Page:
Perry sees polling bump amid border crisis

Texas Gov. Rick Perry's (R) 2016 polling numbers have shot up as he hammers the Obama administration's handling of the border crisis, taking him to the front of the potential GOP field.

Fox News poll released Monday night found 12 percent of registered Republican voters said they would like to see Perry as the GOP nominee for president in 2016 — tied with former Florida Gov. Jeb Bush. 

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Perry's numbers increased 7 points since Fox last polled the question in April.

The governor and 2012 GOP presidential candidate has gained increased media attention by repeatedly challenging President Obama to visit the border to see the fallout from the surge of unaccompanied child immigrants entering the country illegally.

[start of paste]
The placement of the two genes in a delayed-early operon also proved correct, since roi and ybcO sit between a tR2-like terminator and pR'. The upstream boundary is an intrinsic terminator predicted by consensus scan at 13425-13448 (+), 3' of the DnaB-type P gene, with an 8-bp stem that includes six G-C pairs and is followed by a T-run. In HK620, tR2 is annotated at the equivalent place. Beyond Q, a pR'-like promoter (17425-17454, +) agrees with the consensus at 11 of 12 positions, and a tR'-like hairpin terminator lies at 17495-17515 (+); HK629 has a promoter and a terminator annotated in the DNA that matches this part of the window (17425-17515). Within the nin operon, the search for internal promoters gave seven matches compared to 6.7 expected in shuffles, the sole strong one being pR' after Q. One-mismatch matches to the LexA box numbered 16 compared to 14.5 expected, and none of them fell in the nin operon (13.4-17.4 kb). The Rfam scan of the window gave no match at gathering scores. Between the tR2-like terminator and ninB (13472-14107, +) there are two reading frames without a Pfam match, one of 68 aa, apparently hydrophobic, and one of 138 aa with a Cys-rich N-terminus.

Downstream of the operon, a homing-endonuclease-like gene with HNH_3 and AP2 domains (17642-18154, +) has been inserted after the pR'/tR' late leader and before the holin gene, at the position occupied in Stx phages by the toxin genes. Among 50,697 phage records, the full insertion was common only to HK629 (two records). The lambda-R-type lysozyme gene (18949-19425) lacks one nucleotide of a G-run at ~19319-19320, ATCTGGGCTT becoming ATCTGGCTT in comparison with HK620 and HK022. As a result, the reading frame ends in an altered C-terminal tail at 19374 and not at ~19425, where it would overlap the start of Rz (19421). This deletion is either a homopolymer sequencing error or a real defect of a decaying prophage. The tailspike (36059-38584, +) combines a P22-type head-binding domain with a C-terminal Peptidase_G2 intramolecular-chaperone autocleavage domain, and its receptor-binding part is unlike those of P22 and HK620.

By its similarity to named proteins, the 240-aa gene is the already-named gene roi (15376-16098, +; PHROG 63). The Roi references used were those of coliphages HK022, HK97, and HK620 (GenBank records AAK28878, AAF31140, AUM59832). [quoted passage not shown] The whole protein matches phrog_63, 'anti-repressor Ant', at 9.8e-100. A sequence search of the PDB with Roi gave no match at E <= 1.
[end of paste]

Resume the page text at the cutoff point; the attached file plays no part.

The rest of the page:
Earlier this month, Perry also authorized up to 1,000 National Guard troops to deploy to the border to help with security — something he has been calling on the administration to do for years. 

Though Perry has hopped near the head of the pack in 2016 polling, six other candidates are within the margin of error.

Other potential GOP presidential candidates trailing close behind include Kentucky Sen. Rand Paul (11 percent), New Jersey Gov. Chris Christie (10 percent), Wisconsin Rep. Paul Ryan (9 percent), Florida Sen. Marco Rubio (9 percent) and Texas Sen. Ted Cruz (9 percent). 

Potential contenders with under 5 percent support include Wisconsin Gov. Scott Walker, Louisiana Gov. Bobby Jindal, former Sen. Rick Santorum (Pa.) and Ohio Gov. John Kasich. 

Ten percent say they do not know or would not pick any of the candidates listed. 

The poll surveyed a subsample of 358 registered Republican voters from July 20 to 22 and has a margin of error of plus or minus 5 percent.

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